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Friday, 22 February, 2002, 19:27 GMT
Envoys survey progress in Horn settlement
Ethiopian soldiers near the town of Zalambessa
Ethiopia and Eritrea fought for two years over the border dispute

By the BBC's Elizabeth Blunt in Addis Ababa

Members of the United Nations Security Council are visiting the Horn of Africa in advance of an announcement of a decision on the disputed border between Ethiopia and Eritrea.


Both sides have promised to accept the ruling on the border as final and binding, but no-one can be absolutely sure that they will

The group of ambassadors led by Norway's Ole Peter Kolbe spent more than an hour on Friday with Ethiopian Prime Minister Meles Zenawi in Addis Ababa.

They assured him of the UN's willingness to continue to support the peace process.

And they told him they intended to extend by another six months the mandate of the UN peacekeeping force sent in after the bitter war fought between 1998 and 2000.

Seeing for themselves

Most of the time the Security Council sits in New York making decisions that affect the lives of people on the other side of the world.

But just occasionally its members travel to see for themselves the places they are discussing and to meet the people their decisions affect.


A lot of the area that they fought over is arid and unproductive, but the fighting was bitter and cost tens of thousands of lives

These trips are a relatively new development. But they have proved popular.

Where once just a few of the countries on the Council would join the trip, now it is normal for all or nearly all member countries to be represented.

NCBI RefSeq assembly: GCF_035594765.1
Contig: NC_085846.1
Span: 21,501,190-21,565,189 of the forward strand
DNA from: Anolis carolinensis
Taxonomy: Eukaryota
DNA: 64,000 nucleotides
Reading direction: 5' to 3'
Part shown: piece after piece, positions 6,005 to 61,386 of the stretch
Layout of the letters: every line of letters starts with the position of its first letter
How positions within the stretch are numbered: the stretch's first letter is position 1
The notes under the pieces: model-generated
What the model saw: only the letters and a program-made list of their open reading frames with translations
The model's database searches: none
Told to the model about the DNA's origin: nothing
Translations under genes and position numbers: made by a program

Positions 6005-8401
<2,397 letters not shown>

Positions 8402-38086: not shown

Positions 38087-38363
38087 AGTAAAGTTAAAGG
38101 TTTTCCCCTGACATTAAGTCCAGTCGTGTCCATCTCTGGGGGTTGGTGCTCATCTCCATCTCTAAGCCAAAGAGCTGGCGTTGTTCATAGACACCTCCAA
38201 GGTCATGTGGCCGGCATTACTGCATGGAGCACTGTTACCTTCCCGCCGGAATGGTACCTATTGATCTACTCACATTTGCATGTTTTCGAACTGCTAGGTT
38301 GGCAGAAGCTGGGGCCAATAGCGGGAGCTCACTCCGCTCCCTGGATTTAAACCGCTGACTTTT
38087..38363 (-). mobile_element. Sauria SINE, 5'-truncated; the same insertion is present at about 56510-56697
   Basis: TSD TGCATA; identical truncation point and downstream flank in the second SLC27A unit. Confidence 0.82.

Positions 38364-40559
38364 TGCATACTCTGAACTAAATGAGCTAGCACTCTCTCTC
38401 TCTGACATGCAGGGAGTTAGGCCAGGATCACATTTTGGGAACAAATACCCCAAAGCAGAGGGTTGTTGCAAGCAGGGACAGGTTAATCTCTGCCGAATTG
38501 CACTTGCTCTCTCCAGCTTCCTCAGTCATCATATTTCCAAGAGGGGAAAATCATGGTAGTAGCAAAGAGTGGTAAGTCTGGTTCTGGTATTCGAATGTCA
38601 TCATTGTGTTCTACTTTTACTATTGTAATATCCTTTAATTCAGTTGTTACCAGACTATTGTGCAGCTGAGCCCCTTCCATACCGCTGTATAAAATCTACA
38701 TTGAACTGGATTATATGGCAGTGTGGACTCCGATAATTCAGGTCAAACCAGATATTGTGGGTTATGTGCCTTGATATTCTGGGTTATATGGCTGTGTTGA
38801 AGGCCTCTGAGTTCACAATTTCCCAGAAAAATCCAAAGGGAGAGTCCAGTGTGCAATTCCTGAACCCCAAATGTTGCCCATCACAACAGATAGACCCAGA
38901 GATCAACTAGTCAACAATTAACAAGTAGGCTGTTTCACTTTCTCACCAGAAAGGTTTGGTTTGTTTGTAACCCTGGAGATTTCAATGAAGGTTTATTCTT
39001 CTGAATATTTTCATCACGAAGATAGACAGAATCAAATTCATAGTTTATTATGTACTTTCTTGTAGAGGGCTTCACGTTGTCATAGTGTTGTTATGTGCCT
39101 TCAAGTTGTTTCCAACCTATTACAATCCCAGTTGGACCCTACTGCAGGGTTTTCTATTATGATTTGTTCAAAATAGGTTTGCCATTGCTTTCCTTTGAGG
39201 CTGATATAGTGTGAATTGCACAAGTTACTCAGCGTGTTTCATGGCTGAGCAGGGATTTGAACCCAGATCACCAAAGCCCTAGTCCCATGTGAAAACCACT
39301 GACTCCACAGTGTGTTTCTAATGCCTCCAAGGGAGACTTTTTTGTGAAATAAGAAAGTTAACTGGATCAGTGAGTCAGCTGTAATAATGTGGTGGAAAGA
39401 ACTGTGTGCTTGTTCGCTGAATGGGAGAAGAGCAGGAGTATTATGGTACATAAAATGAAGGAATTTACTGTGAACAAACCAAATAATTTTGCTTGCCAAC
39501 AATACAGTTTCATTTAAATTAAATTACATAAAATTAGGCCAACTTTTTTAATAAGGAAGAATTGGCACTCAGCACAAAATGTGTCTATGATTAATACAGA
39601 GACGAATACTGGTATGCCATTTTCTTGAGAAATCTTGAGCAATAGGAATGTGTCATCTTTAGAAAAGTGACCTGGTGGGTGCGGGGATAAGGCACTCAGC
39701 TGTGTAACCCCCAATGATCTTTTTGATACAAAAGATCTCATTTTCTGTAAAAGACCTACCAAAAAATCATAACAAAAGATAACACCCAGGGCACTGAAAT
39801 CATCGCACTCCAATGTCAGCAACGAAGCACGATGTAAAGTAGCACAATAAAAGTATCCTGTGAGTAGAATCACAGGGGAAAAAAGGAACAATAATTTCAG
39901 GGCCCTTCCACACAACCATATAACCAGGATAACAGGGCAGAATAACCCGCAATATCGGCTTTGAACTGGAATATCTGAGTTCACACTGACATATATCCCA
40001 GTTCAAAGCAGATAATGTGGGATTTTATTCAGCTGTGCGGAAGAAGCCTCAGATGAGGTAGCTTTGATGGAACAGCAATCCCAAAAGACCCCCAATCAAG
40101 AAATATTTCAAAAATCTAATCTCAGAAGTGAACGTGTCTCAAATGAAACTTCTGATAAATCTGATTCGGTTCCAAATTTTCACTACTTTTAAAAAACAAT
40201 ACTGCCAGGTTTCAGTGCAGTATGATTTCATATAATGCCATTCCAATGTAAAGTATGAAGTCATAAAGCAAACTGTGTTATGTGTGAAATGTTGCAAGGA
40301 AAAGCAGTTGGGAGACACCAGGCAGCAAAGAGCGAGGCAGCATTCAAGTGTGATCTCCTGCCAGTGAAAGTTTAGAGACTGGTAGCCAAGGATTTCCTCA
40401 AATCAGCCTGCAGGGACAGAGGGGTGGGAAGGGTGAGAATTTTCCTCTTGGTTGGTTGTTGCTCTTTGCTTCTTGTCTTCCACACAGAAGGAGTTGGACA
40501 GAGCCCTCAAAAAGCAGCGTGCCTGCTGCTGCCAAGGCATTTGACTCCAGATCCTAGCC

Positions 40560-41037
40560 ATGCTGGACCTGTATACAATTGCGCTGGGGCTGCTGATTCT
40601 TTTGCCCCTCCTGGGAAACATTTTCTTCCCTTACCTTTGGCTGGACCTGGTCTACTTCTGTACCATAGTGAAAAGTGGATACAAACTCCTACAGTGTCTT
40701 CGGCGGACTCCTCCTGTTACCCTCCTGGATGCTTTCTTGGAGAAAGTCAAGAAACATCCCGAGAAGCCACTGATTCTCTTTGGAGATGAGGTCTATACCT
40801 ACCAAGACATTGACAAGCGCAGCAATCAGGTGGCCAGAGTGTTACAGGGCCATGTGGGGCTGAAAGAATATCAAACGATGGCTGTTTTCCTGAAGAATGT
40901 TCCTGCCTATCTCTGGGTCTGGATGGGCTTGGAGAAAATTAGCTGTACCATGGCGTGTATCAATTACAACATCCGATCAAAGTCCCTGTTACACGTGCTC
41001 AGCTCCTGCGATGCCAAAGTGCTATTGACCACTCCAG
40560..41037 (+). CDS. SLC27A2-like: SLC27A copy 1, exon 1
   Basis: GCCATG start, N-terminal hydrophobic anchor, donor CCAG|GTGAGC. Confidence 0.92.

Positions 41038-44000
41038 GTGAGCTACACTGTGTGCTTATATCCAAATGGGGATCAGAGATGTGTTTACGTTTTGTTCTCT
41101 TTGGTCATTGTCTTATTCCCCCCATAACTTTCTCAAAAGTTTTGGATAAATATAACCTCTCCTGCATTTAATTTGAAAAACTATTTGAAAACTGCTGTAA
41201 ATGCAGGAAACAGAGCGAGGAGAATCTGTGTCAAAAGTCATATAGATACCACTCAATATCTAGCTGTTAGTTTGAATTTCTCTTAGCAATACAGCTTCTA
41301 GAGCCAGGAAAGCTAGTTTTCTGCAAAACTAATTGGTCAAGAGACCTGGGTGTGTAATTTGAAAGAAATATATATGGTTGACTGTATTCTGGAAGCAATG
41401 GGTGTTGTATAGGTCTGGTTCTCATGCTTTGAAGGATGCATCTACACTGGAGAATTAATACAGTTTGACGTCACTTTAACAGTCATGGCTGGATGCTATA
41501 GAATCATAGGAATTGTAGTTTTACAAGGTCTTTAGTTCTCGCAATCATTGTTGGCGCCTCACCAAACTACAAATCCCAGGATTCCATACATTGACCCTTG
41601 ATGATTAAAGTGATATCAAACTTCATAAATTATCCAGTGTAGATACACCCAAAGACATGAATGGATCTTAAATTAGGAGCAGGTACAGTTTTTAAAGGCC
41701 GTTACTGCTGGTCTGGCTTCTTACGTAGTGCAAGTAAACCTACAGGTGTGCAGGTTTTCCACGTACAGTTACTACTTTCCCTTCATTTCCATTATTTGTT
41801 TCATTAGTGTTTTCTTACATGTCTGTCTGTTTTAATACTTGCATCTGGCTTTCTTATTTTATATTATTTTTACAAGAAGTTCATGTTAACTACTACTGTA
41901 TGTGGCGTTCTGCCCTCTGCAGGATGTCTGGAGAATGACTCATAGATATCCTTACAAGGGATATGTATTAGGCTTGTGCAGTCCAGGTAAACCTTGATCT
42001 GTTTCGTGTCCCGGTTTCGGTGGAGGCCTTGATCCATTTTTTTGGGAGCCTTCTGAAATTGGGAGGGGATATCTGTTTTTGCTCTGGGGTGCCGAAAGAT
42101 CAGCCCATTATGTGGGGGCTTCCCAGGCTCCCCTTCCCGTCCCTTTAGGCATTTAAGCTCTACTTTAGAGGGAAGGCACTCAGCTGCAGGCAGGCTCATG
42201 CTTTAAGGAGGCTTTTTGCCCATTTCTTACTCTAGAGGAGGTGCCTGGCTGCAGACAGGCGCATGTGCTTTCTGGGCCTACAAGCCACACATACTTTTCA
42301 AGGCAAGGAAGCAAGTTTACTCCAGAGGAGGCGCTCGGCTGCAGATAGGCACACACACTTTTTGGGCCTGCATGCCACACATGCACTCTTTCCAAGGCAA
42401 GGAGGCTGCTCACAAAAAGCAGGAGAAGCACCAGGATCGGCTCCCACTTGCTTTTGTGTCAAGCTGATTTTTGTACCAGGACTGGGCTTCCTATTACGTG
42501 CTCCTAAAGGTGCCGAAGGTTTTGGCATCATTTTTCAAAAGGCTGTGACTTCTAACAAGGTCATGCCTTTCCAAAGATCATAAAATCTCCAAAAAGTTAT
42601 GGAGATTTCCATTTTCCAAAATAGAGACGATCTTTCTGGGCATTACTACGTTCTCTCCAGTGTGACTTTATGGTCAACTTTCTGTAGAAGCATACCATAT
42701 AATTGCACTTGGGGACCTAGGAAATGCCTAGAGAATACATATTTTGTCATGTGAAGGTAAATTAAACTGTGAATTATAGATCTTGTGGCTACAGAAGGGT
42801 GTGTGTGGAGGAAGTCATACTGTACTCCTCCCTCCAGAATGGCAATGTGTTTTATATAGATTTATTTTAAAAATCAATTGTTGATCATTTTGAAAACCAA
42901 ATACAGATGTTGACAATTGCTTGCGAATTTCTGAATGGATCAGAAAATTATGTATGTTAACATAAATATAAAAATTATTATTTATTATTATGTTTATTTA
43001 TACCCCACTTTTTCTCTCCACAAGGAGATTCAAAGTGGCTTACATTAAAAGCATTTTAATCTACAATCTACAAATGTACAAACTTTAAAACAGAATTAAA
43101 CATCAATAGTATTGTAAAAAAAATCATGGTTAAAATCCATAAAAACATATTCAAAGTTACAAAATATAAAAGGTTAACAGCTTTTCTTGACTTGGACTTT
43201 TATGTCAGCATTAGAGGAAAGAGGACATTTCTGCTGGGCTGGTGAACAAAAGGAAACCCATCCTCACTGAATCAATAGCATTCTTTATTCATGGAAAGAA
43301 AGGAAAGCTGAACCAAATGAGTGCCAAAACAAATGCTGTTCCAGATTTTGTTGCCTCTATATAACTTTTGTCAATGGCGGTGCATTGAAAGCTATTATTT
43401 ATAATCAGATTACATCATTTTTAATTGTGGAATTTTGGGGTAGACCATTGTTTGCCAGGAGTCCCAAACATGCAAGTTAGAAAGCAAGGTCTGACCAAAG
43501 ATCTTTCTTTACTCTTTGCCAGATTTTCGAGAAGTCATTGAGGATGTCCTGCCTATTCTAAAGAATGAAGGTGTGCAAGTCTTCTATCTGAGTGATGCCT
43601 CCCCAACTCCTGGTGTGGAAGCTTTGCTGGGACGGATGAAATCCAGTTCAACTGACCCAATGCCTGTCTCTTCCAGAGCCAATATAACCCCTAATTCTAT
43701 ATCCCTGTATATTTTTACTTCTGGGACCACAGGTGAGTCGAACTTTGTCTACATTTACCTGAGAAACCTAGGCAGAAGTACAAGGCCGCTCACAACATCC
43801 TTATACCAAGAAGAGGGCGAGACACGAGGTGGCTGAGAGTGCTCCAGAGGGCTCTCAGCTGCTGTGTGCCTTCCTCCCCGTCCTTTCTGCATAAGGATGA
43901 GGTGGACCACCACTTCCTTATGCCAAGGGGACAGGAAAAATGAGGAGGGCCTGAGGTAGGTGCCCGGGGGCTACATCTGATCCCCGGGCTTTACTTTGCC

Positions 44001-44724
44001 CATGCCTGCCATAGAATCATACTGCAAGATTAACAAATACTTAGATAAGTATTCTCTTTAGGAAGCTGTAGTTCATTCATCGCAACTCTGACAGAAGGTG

This latest excursion is brief - just three full days on the ground.

Enough for one day in Ethiopia, one in Eritrea and one down at the border itself - the cause of all the trouble.

A lot of the area that they fought over is arid and unproductive, but the fighting was bitter and cost tens of thousands of lives.

Now the border area is patrolled by a UN peace-keeping force some 4,000 strong.

Keeping the peace

The Security Council visit will be a morale booster for them and a chance for the delegation from New York to thank the peace-keepers for a job well done.

They have marked out a temporary security zone 25 kilometres wide and monitored the withdrawal of troops from this area.

And, since the agreement between the two sides was signed in Algiers just over a year ago, they have successfully kept the peace.

Not everything has gone smoothly. Not all the prisoners of war have been released, not all the mines have been removed.

And Eritrea, still smarting from having come off worse in the war, has not allowed the peace-keepers full access to that part of its territory adjoining the zone.

Critical stage

But even so, this has still been one of the UN's more successful operations.

Now the peace process is approaching the critical stage. While the peace-keepers are patrolling the border area, an independent commission has been sitting in the Hague to decide where the border should run.

Building on fire after Ethiopians raid Asmara airport
A ceasefire agreement was reached in June 2000

Very shortly it will announce its decision. Both sides have promised to accept this as final and binding, but no-one can be absolutely sure that they will.

Earlier this month, the UN Secretary General's special representative Joseph Legwaila in the region said the UN mission had decided to think positive at all times and they were not expecting problems.

But then he added that they also had to be realistic and have contingency plans for any eventuality.

Whether things go well or badly, there will be decisions to be made in the coming months - about whether the UN should expand, maintain or scale down its operation.

All the parties on both sides of the border will be lobbying the Security Council members hard on this visit to be sure that those decisions go the way that they want.

See also:

15 Feb 02 | Africa
Horn border ruling delayed
08 Oct 01 | Africa
Eritrea denies preparing for war
18 Jun 00 | Africa
Horn enemies sign peace deal
12 May 00 | Africa
Border a geographer's nightmare
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